A marketer’s guide to identifying and solving customer need states

We all know that customers have needs.

Whether they are goals, challenges, or desires. Needs are what drives consumers and customers to seek out a brand, product, or service and make a purchase.

But customer needs can be varied and complex, changing based on a wide variety of factors. Making it difficult for marketers to pinpoint common customer needs, and reflect them in their branding, positioning, and marketing.

One way for brands to identify and understand their customers’ needs is by establishing need states. These states help brands to separate out customers’ needs into more digestible formats, and then begin to directly address them.

In this guide, we will explain what customer need states are, how you can identify them, and how you can begin to resolve them to build up long term customer relationships. This is because your customer will do business with you if you can fulfil their needs, the better you articulate this the more successful your business.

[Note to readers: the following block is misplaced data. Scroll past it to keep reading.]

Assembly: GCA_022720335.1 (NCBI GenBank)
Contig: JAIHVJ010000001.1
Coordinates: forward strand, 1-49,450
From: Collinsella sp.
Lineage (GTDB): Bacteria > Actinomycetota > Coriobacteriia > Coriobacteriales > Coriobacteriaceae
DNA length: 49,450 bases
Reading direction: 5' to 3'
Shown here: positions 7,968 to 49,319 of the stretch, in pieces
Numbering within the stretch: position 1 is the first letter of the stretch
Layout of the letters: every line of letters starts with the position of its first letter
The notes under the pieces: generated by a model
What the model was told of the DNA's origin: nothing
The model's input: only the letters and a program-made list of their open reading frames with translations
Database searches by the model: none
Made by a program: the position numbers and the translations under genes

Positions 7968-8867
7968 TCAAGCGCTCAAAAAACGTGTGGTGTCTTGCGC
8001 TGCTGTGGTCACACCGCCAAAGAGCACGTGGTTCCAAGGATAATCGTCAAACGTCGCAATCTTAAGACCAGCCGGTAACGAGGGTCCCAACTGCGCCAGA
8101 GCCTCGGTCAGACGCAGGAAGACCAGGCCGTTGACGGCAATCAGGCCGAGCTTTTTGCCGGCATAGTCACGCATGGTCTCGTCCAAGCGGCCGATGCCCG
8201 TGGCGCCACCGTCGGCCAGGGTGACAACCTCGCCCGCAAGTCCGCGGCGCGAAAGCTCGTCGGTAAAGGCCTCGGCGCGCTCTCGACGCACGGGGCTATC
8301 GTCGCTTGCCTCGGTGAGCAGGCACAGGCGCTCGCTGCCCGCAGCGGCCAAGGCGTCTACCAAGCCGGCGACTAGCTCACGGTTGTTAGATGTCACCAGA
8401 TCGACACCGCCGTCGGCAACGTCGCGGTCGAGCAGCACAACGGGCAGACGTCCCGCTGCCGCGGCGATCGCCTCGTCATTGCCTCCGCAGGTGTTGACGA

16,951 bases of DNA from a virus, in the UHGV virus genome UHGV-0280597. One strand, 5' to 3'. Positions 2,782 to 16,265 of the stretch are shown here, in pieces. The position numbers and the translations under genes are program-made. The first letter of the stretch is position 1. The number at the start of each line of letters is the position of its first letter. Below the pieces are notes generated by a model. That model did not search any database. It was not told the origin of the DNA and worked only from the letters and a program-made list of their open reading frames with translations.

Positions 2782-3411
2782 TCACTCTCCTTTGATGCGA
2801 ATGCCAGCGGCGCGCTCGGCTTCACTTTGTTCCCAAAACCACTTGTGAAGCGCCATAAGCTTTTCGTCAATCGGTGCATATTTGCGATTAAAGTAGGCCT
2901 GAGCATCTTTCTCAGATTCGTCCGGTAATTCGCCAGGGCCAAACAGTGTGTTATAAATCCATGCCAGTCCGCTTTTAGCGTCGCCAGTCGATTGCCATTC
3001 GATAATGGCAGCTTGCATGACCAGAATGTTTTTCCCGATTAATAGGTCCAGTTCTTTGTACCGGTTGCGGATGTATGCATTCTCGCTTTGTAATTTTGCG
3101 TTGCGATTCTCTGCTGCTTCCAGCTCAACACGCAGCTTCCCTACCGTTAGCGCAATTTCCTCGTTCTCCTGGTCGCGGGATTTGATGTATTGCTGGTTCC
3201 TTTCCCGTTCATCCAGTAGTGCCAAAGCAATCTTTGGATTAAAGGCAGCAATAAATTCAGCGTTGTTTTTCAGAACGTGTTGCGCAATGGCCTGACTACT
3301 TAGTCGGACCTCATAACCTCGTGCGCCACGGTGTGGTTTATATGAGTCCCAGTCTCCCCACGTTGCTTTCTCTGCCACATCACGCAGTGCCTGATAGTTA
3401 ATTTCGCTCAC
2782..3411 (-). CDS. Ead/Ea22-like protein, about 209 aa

For brands and customers, better starts here.

What are customer needs states?

Humans have a lot of needs. Which means modern-day consumers do too.

This is something that most marketers are all too aware of. And have adapted and developed to offer their audiences exactly what they want, when they want it.

Consumers have advanced so that they can easily fulfil their own basic needs, such as food, shelter, and safety. Meaning that the needs of the average consumer are becoming increasingly niche and complex. Blurring the lines between needs and desires.

Need states are the stages that consumers go through when experiencing needs. At a very basic level, this could include needing to eat breakfast in the morning. At a more advanced level, this could be seeking human connection and wider experiences of the world.

For marketers, the ability to identify their audience’s need states can be the difference not only between a sale and an abandonment. But also the difference between long-term brand loyalty, and a fair-weather customer.

Common need states